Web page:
There’s just something magical in the transformation of Bruce Banner (David if you only watched the show) into the muscle bound, green skinned Hulk. I think there’s something primordial in a young boy’s mind that can completely relate to this anger and frustration and it’s got to be one of the most basic and obvious of super hero archetypes. The series did an excellent job of bringing this character to life for me, even if (at age three) I didn’t understand everything that was happening in each episode. I know the series was pretty popular after it’s initial made for TV pilot movie hit the air in 1978. It lasted through 4 and a half seasons and a handful of additional made for TV movies that helped to launch my interest in comic collecting in the late 80s (spurred on by guest appearances of Thor and Daredevil in two of the MFTV movies.)


This Topps sticker card sub-set does a pretty good job of capturing both the feel of the show as well as providing a bunch of awesomely iconic Hulk stickers. There are 22 cards in the set, all of which have plain white backings. I’m not sure why there wasn’t a puzzle included since these stickers came out in 1979 and there was already a Topps Buck Rogers set that used the puzzle gimmick. This set does a pretty good job of focusing on the Lou Ferrigno incarnation of the Hulk, with half of the stickers set up as portraits (with that great thick bordered Topps die-cut) and the other half as scenes involving the Hulk running or pushing things (as he was apt to do most of the time.) In fact in this first scan we can see the Hulk both pushing a rock and running through New York City (you can also sort of make out the fact that Lou Ferrigno was wearing green hulk booties in the third card on the end in the second column, as he didn’t want to step on any needles, used condoms, or crack pipes as he ran through the 70′s era Times Square.) There’s also a nice shot of Bill Bixby with the initial "change" contacts in, one of the greatest TV money shots IMHO.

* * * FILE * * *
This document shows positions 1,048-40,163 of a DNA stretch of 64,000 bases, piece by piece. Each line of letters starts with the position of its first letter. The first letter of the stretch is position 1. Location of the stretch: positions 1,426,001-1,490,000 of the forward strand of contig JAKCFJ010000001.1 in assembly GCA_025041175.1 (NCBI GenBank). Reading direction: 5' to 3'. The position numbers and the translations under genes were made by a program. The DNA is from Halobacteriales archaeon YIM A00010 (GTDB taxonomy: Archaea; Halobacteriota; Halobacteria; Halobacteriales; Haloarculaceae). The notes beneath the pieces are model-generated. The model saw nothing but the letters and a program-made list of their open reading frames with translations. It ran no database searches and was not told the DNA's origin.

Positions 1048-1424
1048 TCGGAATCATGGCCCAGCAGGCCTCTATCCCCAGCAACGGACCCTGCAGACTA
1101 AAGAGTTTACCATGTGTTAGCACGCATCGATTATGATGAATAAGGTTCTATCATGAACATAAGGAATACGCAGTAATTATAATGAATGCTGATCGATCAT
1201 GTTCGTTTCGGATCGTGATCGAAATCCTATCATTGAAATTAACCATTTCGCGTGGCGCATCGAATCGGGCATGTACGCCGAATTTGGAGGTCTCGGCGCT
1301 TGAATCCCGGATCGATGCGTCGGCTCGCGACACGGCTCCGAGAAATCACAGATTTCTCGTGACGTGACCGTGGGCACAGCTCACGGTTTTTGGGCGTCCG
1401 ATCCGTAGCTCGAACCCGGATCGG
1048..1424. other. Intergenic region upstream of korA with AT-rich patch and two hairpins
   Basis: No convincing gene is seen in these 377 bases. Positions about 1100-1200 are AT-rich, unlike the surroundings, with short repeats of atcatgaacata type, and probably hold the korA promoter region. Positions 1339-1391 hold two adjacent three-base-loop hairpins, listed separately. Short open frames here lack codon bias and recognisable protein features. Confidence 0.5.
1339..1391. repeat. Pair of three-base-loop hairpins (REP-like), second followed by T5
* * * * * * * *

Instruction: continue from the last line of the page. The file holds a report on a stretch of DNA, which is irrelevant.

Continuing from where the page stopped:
In this second scan of the set you can see where I swiped my Peel Here logo. This set, like the Buck Rogers, Indiana Jones and the Temple of Doom, and Mork and Mindy sets don’t yet feature the little "Peel Here" arrow, which I’ve felt was a very iconic part of the Topps stickers. I don’t think this was introduced until the mid 80′s, possibly with the release of the first Garbage Pail Kids series.